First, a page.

One thing not to do is let them bite when they are kittens. It is so tempting to let them play bite…it’s so cute and they are so happy, but it will let them think it’s ok as they get older and those teeth get bigger. Gentle scolding is the best way to discourage this. You may have to do this many, many times over, but eventually they should get the idea. Another thing to do is when they bite your hand, replace it with a toy and let them bite on that.
One of my cats, Chloe, has recently started jumping across the bed and biting my arm. Where on earth she picked this up (she’s 14 and just started this about 6 months ago) I have no idea! What I finally found that worked with Chloe is to blow into her face when she bites. I also tell her no in a firm voice. Sometimes she will attempt another bite and I blow again…she usually gets huffy and strolls off to pout. It sees to be working as she is doing it less and less.
Anyone have any other methods they use? I’d love for you to share them…leave a comment below!
The first time one of my cats got acne, it scared me to death. I had never seen it before and it was covering his entire chin! It looked like his chin had turned black overnight. I rushed him to my vet and was so relieved to find out what it was. He gave me some expensive ointment and I went home, my heart returning to it’s normal beat.
I used the ointment for the prescribed time and it didn’t help. The vet then gave me another type of expensive cream. That didn’t help much either. I have always been interested in natural remedies for my cats and myself, but had never used any. I was still a little afraid of them, not knowing if they were safe or not. Looking in one of my books (see the book below) on the subject, I found out about Calendula.
Calendula is a pot marigold. I was desperate and everything I read about it said it was extremely safe. I figured I was only going to apply this externally and on his chin, not an area he could likely lick! I bought some and mixed it with water. I cleaned his chin thoroughly with it, removing all the black stuff. I then wiped his chin several times that day with it. The next day his chin was completely cleared up. I continued to clean his chin with it for several days, but it never returned. It was quite amazing!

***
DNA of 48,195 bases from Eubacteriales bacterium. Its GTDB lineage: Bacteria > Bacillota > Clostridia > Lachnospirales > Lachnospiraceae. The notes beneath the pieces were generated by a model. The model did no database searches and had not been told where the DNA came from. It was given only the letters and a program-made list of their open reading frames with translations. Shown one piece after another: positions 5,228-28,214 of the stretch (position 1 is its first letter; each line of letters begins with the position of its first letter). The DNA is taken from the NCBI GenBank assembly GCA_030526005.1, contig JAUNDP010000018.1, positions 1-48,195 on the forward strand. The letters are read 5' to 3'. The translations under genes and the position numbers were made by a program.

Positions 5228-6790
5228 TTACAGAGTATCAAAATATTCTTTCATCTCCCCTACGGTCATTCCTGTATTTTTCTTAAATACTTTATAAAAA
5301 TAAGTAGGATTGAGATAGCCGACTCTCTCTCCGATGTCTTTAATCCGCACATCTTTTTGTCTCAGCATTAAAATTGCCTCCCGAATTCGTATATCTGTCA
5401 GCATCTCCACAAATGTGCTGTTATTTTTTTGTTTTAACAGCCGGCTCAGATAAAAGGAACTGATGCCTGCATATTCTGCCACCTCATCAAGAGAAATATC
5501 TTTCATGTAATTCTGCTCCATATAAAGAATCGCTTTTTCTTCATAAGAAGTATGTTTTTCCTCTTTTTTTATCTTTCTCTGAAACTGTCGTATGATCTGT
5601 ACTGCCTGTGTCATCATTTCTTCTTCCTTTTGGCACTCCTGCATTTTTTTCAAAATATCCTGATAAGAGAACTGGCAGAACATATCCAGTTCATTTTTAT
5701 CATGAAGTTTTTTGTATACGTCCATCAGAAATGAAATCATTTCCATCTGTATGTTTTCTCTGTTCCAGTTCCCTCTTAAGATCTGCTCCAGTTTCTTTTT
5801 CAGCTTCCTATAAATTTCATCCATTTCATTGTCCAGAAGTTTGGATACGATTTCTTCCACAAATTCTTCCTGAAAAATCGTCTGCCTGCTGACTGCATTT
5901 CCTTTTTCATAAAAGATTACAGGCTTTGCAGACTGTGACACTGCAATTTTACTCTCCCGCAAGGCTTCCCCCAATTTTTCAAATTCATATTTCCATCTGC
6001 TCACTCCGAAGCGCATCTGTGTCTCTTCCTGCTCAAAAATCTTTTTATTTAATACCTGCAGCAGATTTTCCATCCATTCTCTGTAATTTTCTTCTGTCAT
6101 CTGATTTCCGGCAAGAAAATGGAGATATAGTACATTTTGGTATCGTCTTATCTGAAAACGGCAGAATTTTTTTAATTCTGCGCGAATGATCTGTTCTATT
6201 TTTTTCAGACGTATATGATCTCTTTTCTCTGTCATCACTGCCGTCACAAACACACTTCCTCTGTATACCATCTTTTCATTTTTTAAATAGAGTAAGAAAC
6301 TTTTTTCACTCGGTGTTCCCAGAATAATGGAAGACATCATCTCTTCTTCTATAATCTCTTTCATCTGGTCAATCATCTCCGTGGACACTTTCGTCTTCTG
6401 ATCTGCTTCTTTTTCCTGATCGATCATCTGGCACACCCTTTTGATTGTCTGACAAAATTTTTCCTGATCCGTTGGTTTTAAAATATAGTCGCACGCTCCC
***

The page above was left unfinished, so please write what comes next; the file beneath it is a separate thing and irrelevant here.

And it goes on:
In case you live where they don’t have natural product stores, here’s just one of the Calendula tinctures they sell at Amazon. Just click here to get the details and order.
The next time your kitty gets acne, try it. I have to say, since I’m not a vet or anyone with any medical training, that you should ask your vet about it first. I have used it extensively with my cats and never had any problems. You might want to print out something about it to take to your vet to read, because a lot of them are not familiar with natural remedies. Click here for an excellent article about Calendula in general.
Speaking of home remedies and natural remedies, I wanted to share one of my favorite books on the subject with you. One of the things I like about this particular book is it is written by doctors and is full of practical, easy advice.
Click book for all the details!
When a friend of mine moved to my town, she had a cat named Andy. He’s very friendly, playful and was used to being around other cats. Feeling he needed a playmate and friend, she wanted to adopt another cat. No problem. The vet I’ve been using for twenty years always has kitties for adoption. So we went into the clinic and found Annie. We loved her at first sight and thought it was a sign…Andy and Annie…how cute!
This was five years ago and she has been to the vet every year for her check-up and shots. Well, a funny thing happened at her last check-up. She wet on the exam table and my vet looked shocked and said, “I think Annie is an Andy.” After a quick check, it was confirmed that she was indeed a he. He was not aware that we had adopted her (the clinic is very large) and was quite embarrassed when we told him where she came from. Honestly, he is a great vet, just never had a reason to check for that. He jokingly told me I’d never let him live this one down!